Here’s an example of some of the many Adhesive Vinyl Graphics Products available from leading adhesive vinyl manufacturer 3M.


Who will create the design? Are there brand guidelines to be followed? Who is your target audience, what is your USP (Unique Sales Position) and do you want to share a CTA (Call to Action) are just a few of the questions to answer before the design process begins.

I’m privileged to work on a team with several talented designers. I’m not a designer. I’m the copy person, but I’ve been exposed to them enough to know what they do is special. Designing a three-dimensional graphic takes forethought, precision, and attention to detail. I remember a potential sponsor for an Indy car whose product came packaged in a bottle. Their creative team sent us a beautiful design for the race car with the bottle on the nose of the race car. Their design shared every view of the car. Unfortunately, it wouldn’t work. The manager of our design team showed me by using a 3D template how the design would appear on the car. You couldn’t tell it was a bottle. A total redesign was called for; it needed our team’s touch. With vehicle graphic design—there’s more than meets the eye.

Vehicle Preparation

Vehicle prep includes thoroughly cleaning the vehicles so that no debris, dirt, solvents, or contaminants remain. Prepping a vehicle for graphics installation is a critical step in proper vehicle graphics installation and should never be rushed or short cut. Here’s a short explanation of the process.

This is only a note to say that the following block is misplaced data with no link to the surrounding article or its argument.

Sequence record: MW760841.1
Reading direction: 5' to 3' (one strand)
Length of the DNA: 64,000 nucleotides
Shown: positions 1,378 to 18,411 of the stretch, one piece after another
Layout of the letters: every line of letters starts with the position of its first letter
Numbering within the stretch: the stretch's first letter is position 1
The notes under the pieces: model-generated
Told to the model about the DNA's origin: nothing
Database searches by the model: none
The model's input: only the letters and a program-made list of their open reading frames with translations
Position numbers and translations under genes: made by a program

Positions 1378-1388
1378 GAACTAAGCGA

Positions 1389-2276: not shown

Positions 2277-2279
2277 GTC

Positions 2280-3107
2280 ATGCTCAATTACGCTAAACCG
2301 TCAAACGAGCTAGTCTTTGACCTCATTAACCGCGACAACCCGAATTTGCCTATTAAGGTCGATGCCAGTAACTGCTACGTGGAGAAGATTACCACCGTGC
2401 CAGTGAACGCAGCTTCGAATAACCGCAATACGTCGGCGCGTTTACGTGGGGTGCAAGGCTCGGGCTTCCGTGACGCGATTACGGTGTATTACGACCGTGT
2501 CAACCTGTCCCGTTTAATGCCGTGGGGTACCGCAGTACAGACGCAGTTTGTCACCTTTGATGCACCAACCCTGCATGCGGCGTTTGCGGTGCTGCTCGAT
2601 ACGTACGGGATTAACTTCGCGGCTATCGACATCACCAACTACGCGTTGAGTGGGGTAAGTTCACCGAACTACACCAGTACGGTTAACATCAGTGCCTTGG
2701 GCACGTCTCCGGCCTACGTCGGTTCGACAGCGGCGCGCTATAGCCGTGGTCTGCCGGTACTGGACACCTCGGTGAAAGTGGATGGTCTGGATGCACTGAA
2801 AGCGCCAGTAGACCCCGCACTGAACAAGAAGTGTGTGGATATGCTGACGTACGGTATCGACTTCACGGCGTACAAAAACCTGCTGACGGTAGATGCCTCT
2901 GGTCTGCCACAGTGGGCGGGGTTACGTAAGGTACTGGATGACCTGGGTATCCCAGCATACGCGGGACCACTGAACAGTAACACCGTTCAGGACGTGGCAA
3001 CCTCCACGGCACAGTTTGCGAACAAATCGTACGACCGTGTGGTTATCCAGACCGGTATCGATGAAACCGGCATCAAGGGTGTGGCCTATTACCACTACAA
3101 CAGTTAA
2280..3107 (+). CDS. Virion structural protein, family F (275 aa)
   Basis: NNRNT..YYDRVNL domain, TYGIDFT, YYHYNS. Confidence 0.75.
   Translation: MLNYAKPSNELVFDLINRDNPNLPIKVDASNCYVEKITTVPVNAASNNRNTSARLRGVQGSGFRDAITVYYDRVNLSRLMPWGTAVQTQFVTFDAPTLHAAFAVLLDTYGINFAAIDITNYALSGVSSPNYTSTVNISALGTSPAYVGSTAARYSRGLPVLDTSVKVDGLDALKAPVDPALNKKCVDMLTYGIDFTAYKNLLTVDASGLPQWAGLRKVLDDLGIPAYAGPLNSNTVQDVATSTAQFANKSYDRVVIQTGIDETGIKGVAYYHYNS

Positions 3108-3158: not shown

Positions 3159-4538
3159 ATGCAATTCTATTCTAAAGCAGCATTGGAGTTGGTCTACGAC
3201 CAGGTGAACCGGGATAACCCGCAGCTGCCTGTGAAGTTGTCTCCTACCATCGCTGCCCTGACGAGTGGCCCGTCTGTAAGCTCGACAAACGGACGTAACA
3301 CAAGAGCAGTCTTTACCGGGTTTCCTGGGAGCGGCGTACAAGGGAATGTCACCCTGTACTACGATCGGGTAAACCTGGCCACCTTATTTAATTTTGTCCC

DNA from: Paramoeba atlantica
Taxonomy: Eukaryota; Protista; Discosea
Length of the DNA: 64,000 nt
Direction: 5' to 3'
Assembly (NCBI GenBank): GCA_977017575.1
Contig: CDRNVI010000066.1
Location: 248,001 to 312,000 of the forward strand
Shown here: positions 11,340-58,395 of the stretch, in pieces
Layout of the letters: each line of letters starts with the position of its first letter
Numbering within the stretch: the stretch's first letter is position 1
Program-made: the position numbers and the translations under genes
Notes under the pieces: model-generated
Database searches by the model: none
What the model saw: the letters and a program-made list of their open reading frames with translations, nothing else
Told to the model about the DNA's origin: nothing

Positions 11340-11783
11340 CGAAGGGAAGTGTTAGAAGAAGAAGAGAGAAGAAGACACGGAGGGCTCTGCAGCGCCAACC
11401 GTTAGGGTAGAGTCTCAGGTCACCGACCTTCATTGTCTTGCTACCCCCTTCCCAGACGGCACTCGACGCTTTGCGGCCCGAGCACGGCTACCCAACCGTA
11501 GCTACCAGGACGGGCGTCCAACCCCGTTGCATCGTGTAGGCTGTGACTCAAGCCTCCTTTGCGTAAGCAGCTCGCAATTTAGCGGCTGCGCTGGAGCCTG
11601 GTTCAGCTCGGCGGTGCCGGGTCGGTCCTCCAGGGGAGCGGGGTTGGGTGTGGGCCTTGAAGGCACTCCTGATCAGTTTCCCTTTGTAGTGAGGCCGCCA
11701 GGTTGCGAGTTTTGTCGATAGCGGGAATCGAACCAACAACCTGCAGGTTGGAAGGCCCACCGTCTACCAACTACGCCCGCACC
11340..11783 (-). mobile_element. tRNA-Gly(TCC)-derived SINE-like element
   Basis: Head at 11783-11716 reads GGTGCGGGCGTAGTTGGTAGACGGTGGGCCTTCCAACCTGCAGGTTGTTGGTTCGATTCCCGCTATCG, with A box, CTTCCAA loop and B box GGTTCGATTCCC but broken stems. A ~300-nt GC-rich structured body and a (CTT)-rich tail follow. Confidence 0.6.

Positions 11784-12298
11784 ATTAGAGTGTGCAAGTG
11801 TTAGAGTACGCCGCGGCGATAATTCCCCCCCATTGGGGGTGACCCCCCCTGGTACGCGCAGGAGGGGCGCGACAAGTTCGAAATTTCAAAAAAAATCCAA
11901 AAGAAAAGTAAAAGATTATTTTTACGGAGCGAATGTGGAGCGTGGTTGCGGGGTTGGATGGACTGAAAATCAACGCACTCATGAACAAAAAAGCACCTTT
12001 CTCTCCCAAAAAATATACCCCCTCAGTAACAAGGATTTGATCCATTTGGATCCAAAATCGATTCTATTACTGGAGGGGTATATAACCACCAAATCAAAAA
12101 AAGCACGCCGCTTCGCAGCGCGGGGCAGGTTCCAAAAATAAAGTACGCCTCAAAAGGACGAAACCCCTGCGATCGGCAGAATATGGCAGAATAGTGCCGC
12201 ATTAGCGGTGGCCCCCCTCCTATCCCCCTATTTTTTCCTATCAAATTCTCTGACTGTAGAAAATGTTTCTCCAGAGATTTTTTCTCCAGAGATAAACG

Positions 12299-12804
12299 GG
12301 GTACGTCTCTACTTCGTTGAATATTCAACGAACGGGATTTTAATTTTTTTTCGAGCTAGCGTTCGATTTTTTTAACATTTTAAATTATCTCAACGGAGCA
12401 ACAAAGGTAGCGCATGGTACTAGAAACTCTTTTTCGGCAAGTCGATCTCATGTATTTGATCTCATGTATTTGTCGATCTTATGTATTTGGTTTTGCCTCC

Clean the vehicle using a 50/50 mixture of water and Isopropyl alcohol and be sure to use lint-free rags. Use one rag to apply the alcohol, and another to dry. If the vehicle is really dirty, you might consider washing the car first with soap and water, then cleaning with the 50/50 mix. If graphics were removed from the vehicle, some residual adhesive will remain on the surface. Use a citrus based cleaner to remove the adhesive, then follow up with alcohol to eliminate the citrus. Before applying the decal, inspect the surface for debris, lint, or moisture.

What Else Can Slow Down the Process?

  • Missing information, such as measurements, logos, and installation requirements, can delay the project. Another problem is not sharing complete details on the vehicle such as model, year, and equipment.
  • Order changes can slow the process.
  • Unsuitable artwork —  cleaning up inferior artwork can take time.

What Can Customers Do to Shorten the Time Needed?

  • Do your homework and have a design or message in mind before the process begins. Multiple design changes, while acceptable, may add cost and time to the job.
  • Make your expectations clear.
  • Share complete and accurate information about your vehicle(s).

 We Take the Time to Do It Right for You

“We process 600-800 orders per month, and all of them are custom (produced), and none of them can be used for another. Our salespeople try to communicate what is realistic, and not what they think the customer wants to hear. Telling someone what they want to hear, and not the truth, only leads to empty promises and damaged relationships every time.” — Denny Smith, TKO Graphics COO

“Unrealistic expectations diminish TKO’s reputation. We should always give (the most accurate) estimate for the time required to do it right, not what the customer wants to hear.” —Chris Hurley, TKO Graphix VP of Administration

Do You Need Some of Our Time?

If you’d like to learn more, we’d be happy to talk with you about it. If we can answer any questions, let us know, and if you need help with design, print, or installation, Contact Us, or you can request a quote today!

TKO Graphix is a national fleet and vehicle graphics company helping customers since 1985. We provide full-service graphics solutions such as design, digital printing, screen printing, installation and removal of fleet graphics, vehicle graphics, and commercial graphics.